News & Views - Oct,
2000 Issue (page 2)
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VIRTUAL HIGH SCHOOLS
(August 31, 2000) A Chronicle of Higher
Education article on distance education reported “More States Create Virtual High Schools, With Virtual Universities’ Help.”
ARE SCHOOLS FAILING BOYS?
(September 5, 2000) The Globe and Mail, an Internet Canadian publication presented a survey of Canadian educators recognizing
that boys are increasingly falling behind girls in reading and writing throughout the country. This appears to be the same problem
being discussed in the United States and Great Britain, summarized by some as: “They’re not just falling behind, they’re giving up.”
One suggestion is changing reading content for boys to reflect their greater interest in action narratives; others suggest an effort
should be made to help boys, similar to what has been done in the last decade or two to help girls.
BIPOLAR WEB LINK
(September 5, 2000) The Stanford University School of Medicine, Department of Psychiatry and Behavioral Sciences has
established a web site featuring Bipolar Disorders. Sections include a description of their clinic, definition of Bipolar Disorder,
and other related information.
STUDENTS SHOW FEW GAINS IN READING SKILLS
(September 6, 2000) The New York Times, reported an analysis
in “The first of five annual reports planned on the National Assessment of Educational Progress” that students today read at about
the same level as students in the early 70s, and have advanced in basic math skills only slightly. The analysis was based on a new
analysis of standardized tests given since the 1970s.
WARNING FOR GIRL ATHLETES
(September 6, 2000) The American Academy of Pediatrics, in a publication of a statement updating a 1989 policy statement
in the September issue of the Pediatrics journal, warned “Adolescent girl athletes should be monitored closely to ensure that their
training doesn’t include unhealthy eating habits that could result in damaging bone loss.” David Martin, chairman of sports science
for USA Track and Field, said many male coaches “use male lingo to exhort their female atheletes to train hard, run fast, get skinny….
It’s kind of a militaristic approach but is perceived by these girls as, ‘I can please my coach by losing weight and getting thin.’
HARRY POTTER NUMBER ONE IN CENSER ATTEMPTS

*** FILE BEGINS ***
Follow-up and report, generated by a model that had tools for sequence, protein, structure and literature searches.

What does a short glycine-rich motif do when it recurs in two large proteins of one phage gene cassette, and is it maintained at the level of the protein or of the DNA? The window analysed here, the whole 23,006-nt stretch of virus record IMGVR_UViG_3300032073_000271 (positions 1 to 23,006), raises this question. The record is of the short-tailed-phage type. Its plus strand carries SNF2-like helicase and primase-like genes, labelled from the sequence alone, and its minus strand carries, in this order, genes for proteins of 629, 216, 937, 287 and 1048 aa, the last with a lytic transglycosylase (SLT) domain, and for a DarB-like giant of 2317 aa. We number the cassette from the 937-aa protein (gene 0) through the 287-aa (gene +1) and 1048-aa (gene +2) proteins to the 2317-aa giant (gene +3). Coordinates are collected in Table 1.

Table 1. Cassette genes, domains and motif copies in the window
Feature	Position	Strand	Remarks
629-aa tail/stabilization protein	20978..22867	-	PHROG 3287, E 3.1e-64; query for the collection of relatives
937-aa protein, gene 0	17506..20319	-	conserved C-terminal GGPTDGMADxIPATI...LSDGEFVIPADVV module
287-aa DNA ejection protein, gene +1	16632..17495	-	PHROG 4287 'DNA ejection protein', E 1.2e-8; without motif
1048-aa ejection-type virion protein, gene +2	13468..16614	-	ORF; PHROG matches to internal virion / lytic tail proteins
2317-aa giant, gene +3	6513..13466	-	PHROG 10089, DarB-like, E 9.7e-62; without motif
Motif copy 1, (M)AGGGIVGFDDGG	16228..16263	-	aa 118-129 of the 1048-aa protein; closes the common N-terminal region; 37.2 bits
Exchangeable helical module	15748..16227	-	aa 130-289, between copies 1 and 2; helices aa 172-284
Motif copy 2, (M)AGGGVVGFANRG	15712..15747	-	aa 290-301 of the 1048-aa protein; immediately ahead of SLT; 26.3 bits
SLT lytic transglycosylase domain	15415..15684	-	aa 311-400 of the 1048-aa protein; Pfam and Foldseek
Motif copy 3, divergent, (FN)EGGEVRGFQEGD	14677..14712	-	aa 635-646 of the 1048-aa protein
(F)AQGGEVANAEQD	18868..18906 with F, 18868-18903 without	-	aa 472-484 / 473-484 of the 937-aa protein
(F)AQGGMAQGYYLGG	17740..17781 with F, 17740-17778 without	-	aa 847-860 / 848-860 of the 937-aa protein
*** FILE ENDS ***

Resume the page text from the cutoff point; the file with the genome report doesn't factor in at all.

(September 7, 2000) USA Today reports the Harry Potter books were “the No. 1 target last year of efforts to pressure
libraries and schools into making the books difficult or impossible to get.” The fictional books have also been No. 1 on the best
sellers lists for months.
POLL SHOWS VOUCHER SUPPORT DECLINING
(September 7, 2000) A poll conducted by the Gallup Organization for Phi Delta Kappa International, reported in Education
Week, concluded that “Support for publicly financed vouchers for private school tuition has declined over the past three years, from
44 percent of respondents in 1998 to 39 percent this year.”
FBI LIST OF SCHOOL VIOLENCE WARNINGS
(September 7, 2000) Reported in the New York Times, “F.B.I. Lists Caution Signs for Violence In Classroom,” the FBI
developed a list of “more than 40 signs for school officials to check once a threat of violence had been discovered.” Warning this
was not a profile that could identify a potentially violent student, it does cover “the student’s personality and family, as well
as school and social dynamics.”
BALANCED PARENTING WEBSITE
(September 8, 2000) Dr. Brien O’Callaghan, a clinical psychologist with over 32 years of experience, is developing
a web page at http://www.jbocallaghan.com/fr_home.htm called Balanced Parenting, designed to present his thoughts on the proper balance
in parenting, such as “Family struggles start with an imbalance: too much or too little protection and control of children.” He emphasizes
use of common sense.
ATTACHMENT DISORDER WEB SITE
(September 8, 2000) Billing itself as “Your Place for Information and Support Regarding Reactive Attachment Disorder,”
the Attachment Disorder Site can be found at http://www.attachmentdisorder.net.
EDUCATION IS TOP POLITICAL ISSUE
(September 8, 2000) The New York Times, article entitled “On the Stump, the Hot Topic Is Education,” points out that
virtually all candidates for public office this year, from President to county commissioner, sound like they are running for school
board. It seems as if the voters are expecting all candidates to have the solution to education’s problems. (How did we get to where
the public seems to feel politicians are more qualified than teachers, parents or the children themselves in educating our children?
Copyright © 2000, Woodbury Reports, Inc. (This article may be reproduced without prior
approval if the copyright notice and proper publication and author attribution accompanies the copy.)